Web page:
Although Shamanism has been around for thousands of eons, this healing tradition has experienced a revival over the last few years. But what is Shamanism, how is it practiced, and how is it reinventing itself for our modern time?
Shamanism takes its name from the Manchu-Tungus word šaman, which essentially translates as “someone with wisdom”. So, it’s fitting that Shamans are usually wise men (or women) who offer healing and guidance in communities. The practice is deeply rooted in spirituality, but it’s also highly individual. Each Shaman follows their own path (soul journey) and has their own methods of practice.
WHAT IS SHAMANISM?
At its core, Shamanism is about wisdom and knowledge. It involves experiencing altered states of consciousness to perceive alternate realities and interacting with the energies and spirits that exist on different planes. Shamans believe that everything has a spirit or soul, perception, and intelligence; this belief is at the core of the practice.
“Shamanism is animistic,” says Marc Nelson, a Shamanic practitioner at Shakti Healing Circle. “Everything is believed to have sentience. Shamanic work involves entering an altered state of consciousness to perceive the spiritual nature of reality that co-exists with our physical reality. Shamanic rituals are typically concerned with healing, divination, and initiation.”
Because it’s not tied to any particular religion, Shamanism is compatible with a wide range of belief systems; it shares similarities with the spiritual practices of many different cultures and has been practiced in societies across the Americas, Asia, Africa, Europe, and Australia. Shamanism is considered one of the oldest healing traditions in the world; archeological and anthropological findings suggest it’s between 20,000 to 30,000 years old.
In traditional societies, Shamans combine the functions of healers, doctors, priests, and mystics. They provide healing for the community and function as intermediaries between the physical and spiritual realms. “Shaman practitioners fundamentally seek to restore or maintain wholeness, balance, and harmony,” adds Nelson. “That harmony can be in ourselves, between us and others (and the natural world), and between humanity and spirits.”
Shamanic practices can be very useful for people seeking meaning and purpose in their lives. “As an individual, practicing Shamanism can help you heal, develop spiritually, and live more authentically and in alignment with your life purpose,” says Nelson.
HOW DO YOU PRACTICE IT?
The practice of Shamanism involves many different elements. A Shaman is a conduit to the spirit world and gains knowledge through life experience and prayer, meditation, and different types of rituals and ceremonies.
In their community work, Shamans use tools and rituals such as herbal medicine, “journeying,” fire rituals, dancing, drumming ceremonies, meditation, and protective amulets.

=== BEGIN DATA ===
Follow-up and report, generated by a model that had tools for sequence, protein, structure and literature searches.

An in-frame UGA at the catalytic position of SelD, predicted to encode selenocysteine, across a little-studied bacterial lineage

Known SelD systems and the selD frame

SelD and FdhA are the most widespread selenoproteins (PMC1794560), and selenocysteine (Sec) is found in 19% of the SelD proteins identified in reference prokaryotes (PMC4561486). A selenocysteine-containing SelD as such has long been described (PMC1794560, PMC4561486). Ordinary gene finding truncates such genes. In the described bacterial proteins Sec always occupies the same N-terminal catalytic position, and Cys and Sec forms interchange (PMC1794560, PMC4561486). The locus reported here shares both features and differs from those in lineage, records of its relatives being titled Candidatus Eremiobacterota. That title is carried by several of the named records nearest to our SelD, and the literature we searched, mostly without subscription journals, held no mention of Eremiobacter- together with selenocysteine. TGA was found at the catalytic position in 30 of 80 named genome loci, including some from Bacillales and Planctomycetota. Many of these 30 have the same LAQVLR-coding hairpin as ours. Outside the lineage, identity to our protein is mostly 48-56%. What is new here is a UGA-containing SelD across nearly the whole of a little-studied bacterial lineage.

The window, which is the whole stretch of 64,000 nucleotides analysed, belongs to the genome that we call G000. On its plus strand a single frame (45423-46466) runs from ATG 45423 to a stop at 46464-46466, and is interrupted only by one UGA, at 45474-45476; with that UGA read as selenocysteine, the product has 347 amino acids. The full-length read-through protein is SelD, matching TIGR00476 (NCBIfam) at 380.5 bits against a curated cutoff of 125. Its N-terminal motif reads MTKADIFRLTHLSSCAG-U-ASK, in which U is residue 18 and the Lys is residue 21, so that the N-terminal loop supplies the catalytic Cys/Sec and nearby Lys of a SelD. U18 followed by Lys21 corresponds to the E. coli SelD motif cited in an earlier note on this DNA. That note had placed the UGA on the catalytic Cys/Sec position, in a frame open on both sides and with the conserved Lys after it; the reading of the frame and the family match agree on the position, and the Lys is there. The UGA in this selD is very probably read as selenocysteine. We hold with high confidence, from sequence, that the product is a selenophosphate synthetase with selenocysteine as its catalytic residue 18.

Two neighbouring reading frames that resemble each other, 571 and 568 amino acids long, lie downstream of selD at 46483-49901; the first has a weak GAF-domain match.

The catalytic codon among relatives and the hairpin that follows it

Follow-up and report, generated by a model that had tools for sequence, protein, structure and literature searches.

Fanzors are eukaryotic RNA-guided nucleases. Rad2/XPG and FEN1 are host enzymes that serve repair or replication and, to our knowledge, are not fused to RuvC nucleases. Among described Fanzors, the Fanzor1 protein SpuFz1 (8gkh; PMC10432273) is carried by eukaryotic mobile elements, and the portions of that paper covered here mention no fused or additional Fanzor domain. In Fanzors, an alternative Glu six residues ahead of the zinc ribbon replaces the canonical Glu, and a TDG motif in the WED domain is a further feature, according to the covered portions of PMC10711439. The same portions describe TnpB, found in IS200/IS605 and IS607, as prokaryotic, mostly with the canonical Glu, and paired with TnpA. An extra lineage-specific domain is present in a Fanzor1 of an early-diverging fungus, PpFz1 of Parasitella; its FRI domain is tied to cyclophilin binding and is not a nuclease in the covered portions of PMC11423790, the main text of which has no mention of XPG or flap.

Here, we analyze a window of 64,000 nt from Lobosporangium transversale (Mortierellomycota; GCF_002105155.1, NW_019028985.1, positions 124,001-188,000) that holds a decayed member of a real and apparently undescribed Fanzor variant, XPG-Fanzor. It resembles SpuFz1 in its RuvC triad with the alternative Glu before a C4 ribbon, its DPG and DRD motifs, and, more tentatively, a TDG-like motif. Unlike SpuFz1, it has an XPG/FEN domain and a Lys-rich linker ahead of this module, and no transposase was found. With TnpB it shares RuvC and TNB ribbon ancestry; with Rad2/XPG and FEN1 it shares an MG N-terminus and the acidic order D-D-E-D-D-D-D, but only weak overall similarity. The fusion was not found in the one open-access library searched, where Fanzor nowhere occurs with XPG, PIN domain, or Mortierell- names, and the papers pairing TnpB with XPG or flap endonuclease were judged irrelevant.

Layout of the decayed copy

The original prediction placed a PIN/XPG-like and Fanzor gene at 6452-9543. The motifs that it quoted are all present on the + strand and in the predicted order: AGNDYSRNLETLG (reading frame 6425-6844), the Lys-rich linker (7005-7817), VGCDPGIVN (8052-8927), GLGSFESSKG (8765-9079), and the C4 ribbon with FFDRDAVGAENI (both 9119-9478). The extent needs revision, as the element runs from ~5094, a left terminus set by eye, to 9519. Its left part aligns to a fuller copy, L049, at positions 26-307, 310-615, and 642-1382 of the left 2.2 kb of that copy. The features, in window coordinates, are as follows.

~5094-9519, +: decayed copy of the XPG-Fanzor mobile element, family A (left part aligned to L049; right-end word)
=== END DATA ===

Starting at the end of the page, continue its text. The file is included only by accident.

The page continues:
“Practicing Shamanism involves being open to different ways of looking at the world,” says Nelson. “Rituals such as Shamanic journeying, which uses drumming or similar techniques to facilitate an altered state, are used to develop a working relationship with healing spirits.”
A Shaman must master three things in order to be considered a bona fide practitioner. These are:
- Achieving altered states of consciousness.
- The ability to act as a medium between the physical and spiritual world.
- The ability to meet their community’s needs in a way that other traditional practitioners (such as doctors and religious leaders) can’t.
For those who are new to Shamanism, a good place to start is dreams. This is because when you’re dreaming, you’re accessing a different state of consciousness. You could begin by keeping a dream journal where you note down all your dreams as soon as you wake up. This can help you begin to access knowledge and ideas from the spiritual realm.
BRINGING SHAMANISM INTO THE 21ST CENTURY
The traditions of Shamanism stretch back through millennia, but the reason it’s still around is because it’s adaptable – it’s a practice that can fit different lifestyles, trends, and approaches. It can even be found on the spa menu at Post Ranch Inn and many other reputable resorts.
“Some rituals have been continuously used in different cultures across time, others are introduced to meet the needs of a specific period,” describes Nelson. “In the 21st century, we are facing issues related to climate change, environmental destruction, disease, and a general breakdown of economic and social systems. Shamanism can help to understand the underlying causes of such issues.”
With the COVID-19 pandemic still raging, Shamanism is evolving once again. “The increasing use of advanced technology and the advent of new technologies such as artificial intelligence present new opportunities,” says Nelson. “One example in this context is the use of conferencing tools by practitioners to conduct group rituals online or to deliver remote learning.”
Shamanism is also being combined with modern medicine and new technologies to create a heightened practice called Neoshamanism. Pioneering this is Six Senses Resort, which had developed a unique wellness program in collaboration with Dr. Alberto Villoldo. Called “Grow a New Body”, the new program incorporates Shamanic practices like fasting, plant medicine, and intensive spiritual work, as well as other detoxing therapies such as light therapy, IV infusions, and oxygen treatments.
Given the tumultuous times we live in, it’s no surprise that we’re seeing a surge of interest in Shamanism. The practice offers spiritual healing and a way of making sense of the world that’s hard to find through other means; it’s a useful tool for those seeking meaning in life.